Most people who live in Cangzhou will say there is nothing to do. And perhaps they are right. But, I guess I was not looking for sightseeing. I was looking for a temporary home. And, I found it. For me, the definition of a home is a place that you feel comfortable. Where you can walk around without a map. Where you see the same sights over and over again. Where your life has some routine. To some routine may be boring and dull - but to me, currently always on the move, the idea of routine is actually rather comforting.

Cangzhou offered me these things. My "comfort zone" was small - just a few square blocks - but in that space all my needs were attended to.

Every day I left the apartment, walked down four flights of stairs, pushed the buzzer and was outside, in a modern apartment building that would not look out of place in the US or Europe. I walked out the guarded gate, said "Ni Hao" to the security guard, turned left and walked about two blocks to the school, located across the street.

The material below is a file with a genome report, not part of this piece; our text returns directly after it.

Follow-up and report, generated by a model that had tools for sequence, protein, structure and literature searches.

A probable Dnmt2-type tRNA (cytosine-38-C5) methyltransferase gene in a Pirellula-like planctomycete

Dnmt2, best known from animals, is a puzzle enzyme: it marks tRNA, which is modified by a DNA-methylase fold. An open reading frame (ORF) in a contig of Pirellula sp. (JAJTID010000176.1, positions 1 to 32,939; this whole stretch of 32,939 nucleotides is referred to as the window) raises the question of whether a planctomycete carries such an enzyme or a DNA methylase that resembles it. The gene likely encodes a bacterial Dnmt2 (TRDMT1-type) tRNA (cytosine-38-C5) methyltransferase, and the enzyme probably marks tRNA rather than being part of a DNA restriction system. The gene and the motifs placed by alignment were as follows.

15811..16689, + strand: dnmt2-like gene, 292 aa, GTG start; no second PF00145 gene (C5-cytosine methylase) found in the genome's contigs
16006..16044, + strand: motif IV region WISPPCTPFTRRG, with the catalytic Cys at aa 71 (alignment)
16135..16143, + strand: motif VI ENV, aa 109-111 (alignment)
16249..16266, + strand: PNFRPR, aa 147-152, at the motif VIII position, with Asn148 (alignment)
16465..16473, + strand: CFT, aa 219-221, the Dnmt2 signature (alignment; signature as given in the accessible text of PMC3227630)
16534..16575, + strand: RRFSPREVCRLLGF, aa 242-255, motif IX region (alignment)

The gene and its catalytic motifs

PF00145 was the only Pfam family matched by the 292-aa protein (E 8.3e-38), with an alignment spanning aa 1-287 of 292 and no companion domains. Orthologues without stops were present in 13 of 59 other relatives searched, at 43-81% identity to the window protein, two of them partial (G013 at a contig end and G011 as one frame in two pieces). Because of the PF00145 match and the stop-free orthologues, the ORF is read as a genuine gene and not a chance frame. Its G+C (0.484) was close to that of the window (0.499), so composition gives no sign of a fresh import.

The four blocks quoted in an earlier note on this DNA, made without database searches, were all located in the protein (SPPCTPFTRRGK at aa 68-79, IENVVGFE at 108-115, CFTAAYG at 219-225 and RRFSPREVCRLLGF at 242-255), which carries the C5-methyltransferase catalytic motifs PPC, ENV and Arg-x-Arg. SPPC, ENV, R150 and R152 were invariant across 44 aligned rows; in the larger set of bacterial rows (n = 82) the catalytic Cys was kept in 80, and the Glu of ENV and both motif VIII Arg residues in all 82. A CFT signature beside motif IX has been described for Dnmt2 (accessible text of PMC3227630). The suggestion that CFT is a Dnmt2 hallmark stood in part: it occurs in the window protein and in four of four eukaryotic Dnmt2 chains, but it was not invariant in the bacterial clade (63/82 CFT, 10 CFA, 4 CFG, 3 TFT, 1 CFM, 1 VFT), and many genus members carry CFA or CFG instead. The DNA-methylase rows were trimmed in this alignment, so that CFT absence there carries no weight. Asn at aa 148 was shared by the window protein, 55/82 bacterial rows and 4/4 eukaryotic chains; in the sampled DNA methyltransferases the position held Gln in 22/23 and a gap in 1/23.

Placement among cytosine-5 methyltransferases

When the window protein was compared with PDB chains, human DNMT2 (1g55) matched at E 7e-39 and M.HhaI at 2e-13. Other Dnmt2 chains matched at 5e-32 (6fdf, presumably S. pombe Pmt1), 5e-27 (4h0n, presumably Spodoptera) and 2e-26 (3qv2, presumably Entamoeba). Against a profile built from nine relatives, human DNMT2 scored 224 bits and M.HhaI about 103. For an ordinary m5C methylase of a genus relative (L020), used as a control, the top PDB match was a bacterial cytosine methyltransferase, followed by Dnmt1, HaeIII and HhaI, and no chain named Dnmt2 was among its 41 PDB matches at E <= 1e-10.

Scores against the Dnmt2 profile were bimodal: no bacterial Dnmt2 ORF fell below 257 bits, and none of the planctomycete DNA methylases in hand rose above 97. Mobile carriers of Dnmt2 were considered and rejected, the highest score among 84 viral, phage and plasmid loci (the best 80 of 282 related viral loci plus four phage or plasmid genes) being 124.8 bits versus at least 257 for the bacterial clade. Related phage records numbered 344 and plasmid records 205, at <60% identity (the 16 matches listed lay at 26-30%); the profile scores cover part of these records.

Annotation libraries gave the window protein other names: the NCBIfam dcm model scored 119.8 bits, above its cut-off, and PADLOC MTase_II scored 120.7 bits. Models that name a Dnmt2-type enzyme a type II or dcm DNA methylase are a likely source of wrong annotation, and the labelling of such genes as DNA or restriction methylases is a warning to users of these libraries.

When my blood sugar would drop, or I had a particularly bad day, I stopped at one of the four local convenience stores to pick up a treat. Most often it was an ice cream bar, though occasionally it was a package of cookies or a bag of gummy candies. I had a certain store for each treat. The closest shop for my gummies, the one down the street for my cookies. My favorite was the shop with the ice cream, not because they had four large coolers filled with an amazing assortment, but because several evenings per week, three gentlemen would be playing music. Lit up from the street in the huge front windows, the men would be practicing playing a small Chinese stringed instrument, the name of which I still do not know. Played with a bow, like a cello, the little wooden and stringed instrument looked a bit like a banjo and would sit upright on the players knee. I loved walking past the window, ice cream in hand, listening to the faint strains of music as I made my way home.